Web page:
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Why Sam Kirk is the Best Kirk

Don't @- me; these are the facts.

Illustrated banner featuring Star Trek: Strange New Worlds' Sam Kirk

While many parts of the web debate which iteration of James T. Kirk is the best Kirk, they all fail to recognize the George Kirks of the universe.

First, there's George Kirk, first officer of the U.S.S. Kelvin, under command of Captain Robau. As noted in "Lost in Translation," he holds the distinction of the youngest Starfleet officer to hold the first officer position. And in the Kelvin Timeline, he's no short of a hero. As Captain Pike reminds a young James, "Your father was captain of a starship for 12 minutes. He saved 800 lives, including your mother's and yours," before challenging him with, "I dare you to do better."

However, we're here to make the case for George Kirk's first son — George Samuel Kirk.

A Memorable Mustache

James T. Kirk kneels over his deceased brother Sam Kirk in 'Operation -- Annihilate!'

Operation -- Annihilate!

Sam Kirk's first and only appearance on the Original Series was in "Operation -- Annihilate!" In that appearance, Kirk discovers his brother and Sam's family perished on a Deneva colony. Portrayed by William Shatner, the only distinction between James and Sam was a magnificent mustache.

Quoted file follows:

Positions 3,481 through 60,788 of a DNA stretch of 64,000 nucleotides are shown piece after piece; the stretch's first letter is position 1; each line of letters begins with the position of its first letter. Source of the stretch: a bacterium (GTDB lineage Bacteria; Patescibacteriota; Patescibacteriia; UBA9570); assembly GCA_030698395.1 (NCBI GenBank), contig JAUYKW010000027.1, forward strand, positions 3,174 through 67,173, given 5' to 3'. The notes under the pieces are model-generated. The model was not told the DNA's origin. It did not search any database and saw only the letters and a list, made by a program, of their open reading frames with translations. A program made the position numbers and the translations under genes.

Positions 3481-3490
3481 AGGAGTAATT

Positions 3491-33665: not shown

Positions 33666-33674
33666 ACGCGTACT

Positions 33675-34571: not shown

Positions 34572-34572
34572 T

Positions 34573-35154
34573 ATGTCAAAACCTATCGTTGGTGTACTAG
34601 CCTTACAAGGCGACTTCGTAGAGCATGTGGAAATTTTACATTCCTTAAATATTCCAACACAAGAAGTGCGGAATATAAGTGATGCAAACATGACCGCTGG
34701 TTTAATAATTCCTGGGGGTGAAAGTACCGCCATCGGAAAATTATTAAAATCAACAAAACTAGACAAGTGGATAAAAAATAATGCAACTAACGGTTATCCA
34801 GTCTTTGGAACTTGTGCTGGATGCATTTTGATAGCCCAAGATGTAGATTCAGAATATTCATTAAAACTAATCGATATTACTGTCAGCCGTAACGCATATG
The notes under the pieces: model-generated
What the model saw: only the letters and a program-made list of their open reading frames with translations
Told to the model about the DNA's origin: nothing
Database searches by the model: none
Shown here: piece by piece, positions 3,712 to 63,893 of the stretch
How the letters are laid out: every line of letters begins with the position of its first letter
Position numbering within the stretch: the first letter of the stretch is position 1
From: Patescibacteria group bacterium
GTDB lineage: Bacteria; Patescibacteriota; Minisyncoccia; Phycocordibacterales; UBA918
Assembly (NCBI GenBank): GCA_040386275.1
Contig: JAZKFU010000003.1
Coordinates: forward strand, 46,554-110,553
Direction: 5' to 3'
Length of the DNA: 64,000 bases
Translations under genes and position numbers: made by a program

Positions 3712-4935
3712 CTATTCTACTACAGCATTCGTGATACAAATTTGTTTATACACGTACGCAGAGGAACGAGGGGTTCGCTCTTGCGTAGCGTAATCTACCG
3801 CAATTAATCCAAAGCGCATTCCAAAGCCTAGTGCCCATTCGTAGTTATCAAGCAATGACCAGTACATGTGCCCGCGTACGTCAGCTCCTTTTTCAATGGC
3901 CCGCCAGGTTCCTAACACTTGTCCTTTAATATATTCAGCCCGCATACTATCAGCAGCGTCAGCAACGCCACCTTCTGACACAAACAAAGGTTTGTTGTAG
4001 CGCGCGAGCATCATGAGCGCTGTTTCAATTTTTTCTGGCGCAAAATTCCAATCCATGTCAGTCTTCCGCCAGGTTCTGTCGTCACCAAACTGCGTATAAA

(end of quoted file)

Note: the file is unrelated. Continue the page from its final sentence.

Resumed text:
Over five decades later, Star Trek: Strange New Worlds gives us a far better glimpse of James' older brother (portrayed by Dan Jeannotte), the first Kirk to serve on the U.S.S. Enterprise, under command of Captain Christopher Pike.

Speaking to earlier this summer, Henry Alonso Myers, series' co-showrunner and executive producer, revealed, "James’ brother was initially just a one-shot of him being dead with a mustache on [in The Original Series]. We never knew anything more about them except some brief things, in some of the books. We wanted to take a moment, ‘Okay, he’s got a brother. What’s their relationship? Why is their relationship like this? What’s it like to be connected to the two of them?’”

His mustache is distinguished and captivating enough that Captain Pike praises him on it.

Close Friends with Christopher Pike

Sam Kirk sits across his captain in Pike's ready room in 'A Quality of Mercy'

"A Quality of Mercy"

In the series' premiere, Captain Pike is pulled out of his self-imposed exile to command the U.S.S. Enterprise. His crew is complete with the arrival of Lt. George Samuel Kirk, a friend he elected as part of his crew.

Pike's a man who's a good judge of character. And if Sam's the Kirk he wants aboard the Enterprise, then that's reason enough that he's the Alpha Kirk.

Makes Spock More Human

A startled Sam Kirk reassures Spock he will clean up his dish and cup following Spock's outburst in 'Charades'


If there's one surefire way to get Spock in touch with his more human side, it's to place him in the room with Sam Kirk.

One source of annoyance for the Vulcan science officer is bearing witness to Sam's crumbs during a sciences briefing. But can we blame the xenoanthropologist for being more preoccupied with the mission at hand rather than his empty plate?

Sam riles him up so much that his outburst prompts the other officers to hold him back as he attempts to lunge at him while firmly threatening, "Don't test me, Kirk! I will break you."